A LICENSED trade company has been fined £100,000 after a man died when he fell into a basement at one of their pubs because a gate leading to it was not locked.
Maclay Inns of George Square, Glasgow, pled guilty Edinburgh Sheriff Court yesterday under the Health and Safety at Work Act of failing to ensure staff were aware of the importance of padlocking or securing the gate in the railings at Bert’s Bar in William Street, Edinburgh. The bar is now under new ownership.
Alan Brown, 46, a firefighter with the Scottish Fire and Rescue Service, died in the early hours of 4 April, 2014.
Sheriff Kenneth Maciver QC described the situation as “an accident waiting to happen”.
Fiscal depute Gary Aitken told Sheriff Maciver that Mr Brown, who was married with two children, had been out socialising with friends and was making his way home around 1:35am when he fell into the pub’s basement.
An investigation revealed the need to secure the gate had been “forgotten about” and that from April 2012 it was routine not to lock it.
Advocate Barry Smith, appearing for the family, said the company wished to record its sincere condolences to the family.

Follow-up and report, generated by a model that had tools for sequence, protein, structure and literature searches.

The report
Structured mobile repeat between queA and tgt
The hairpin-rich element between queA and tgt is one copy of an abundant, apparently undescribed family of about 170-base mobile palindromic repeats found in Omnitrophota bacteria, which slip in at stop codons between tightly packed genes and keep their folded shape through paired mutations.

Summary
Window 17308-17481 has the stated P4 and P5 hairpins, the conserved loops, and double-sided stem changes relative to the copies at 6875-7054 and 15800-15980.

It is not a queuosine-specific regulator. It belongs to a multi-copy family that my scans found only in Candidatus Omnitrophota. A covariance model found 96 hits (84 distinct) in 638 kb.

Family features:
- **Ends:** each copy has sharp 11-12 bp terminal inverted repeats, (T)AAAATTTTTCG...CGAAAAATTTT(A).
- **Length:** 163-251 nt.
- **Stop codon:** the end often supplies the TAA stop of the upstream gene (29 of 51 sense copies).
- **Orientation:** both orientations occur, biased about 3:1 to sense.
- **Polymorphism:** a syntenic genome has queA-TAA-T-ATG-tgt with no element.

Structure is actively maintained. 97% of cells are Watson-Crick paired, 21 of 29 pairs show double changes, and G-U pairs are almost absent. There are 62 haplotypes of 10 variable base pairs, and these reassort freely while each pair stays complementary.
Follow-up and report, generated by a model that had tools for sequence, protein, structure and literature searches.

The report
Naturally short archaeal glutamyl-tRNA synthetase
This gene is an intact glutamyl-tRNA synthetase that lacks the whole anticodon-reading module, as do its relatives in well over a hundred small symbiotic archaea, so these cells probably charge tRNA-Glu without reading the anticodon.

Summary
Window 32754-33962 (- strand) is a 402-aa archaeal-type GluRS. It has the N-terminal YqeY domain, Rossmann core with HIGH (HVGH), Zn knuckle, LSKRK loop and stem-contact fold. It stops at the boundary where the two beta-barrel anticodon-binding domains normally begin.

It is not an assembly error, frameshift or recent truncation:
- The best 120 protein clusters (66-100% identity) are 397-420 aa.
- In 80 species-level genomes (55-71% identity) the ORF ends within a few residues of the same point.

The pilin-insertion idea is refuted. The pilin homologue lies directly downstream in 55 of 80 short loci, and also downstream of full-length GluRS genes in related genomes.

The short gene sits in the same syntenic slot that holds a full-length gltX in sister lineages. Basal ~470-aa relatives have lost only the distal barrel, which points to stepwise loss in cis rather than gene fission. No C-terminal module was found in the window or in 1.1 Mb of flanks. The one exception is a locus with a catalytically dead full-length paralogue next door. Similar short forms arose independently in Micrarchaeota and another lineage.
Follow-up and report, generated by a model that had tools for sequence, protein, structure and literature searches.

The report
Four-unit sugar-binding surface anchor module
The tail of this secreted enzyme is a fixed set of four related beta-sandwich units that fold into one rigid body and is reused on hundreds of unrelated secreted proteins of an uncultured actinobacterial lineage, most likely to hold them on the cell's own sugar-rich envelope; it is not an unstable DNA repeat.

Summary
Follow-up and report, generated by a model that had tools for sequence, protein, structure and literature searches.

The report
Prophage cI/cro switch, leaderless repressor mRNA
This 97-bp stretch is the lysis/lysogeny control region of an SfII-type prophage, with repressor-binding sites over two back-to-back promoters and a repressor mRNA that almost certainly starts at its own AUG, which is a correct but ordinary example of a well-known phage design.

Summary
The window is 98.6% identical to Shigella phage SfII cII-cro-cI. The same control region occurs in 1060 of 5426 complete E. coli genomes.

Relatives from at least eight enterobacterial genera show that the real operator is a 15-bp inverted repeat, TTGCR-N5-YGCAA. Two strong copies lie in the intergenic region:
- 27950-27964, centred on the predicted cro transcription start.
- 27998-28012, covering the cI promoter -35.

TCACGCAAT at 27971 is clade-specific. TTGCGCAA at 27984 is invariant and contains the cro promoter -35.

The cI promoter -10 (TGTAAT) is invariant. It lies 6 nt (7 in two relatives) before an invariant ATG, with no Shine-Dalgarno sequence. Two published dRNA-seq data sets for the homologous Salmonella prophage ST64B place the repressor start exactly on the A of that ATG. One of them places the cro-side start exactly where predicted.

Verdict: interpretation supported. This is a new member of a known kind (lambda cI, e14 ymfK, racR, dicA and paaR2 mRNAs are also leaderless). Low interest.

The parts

Mr Smith said: “The simple measure to merely padlock the gate had been done between 2009 and 2012. But with the utmost regret the practice of locking the gate had been allowed to fall into disuse. That had not been deliberate or calculated.”
Mr Smith said the company had no previous convictions, but had gone into administration on 23 January last year, with administrators estimating approximately £700,000 could be available for creditors.
However, Sheriff Maciver said he would not take into account the financial position of the company by imposing a nominal sum.
Sheriff Maciver said: “It is a case where there had been, over a number of years, a serious and obviously dangerous omission where the practice of padlocking the gate had been ignored by laziness and inattention. It was an accident waiting to happen”.
Members of Mr Brown’s family who attended the hearing made no comment after the case.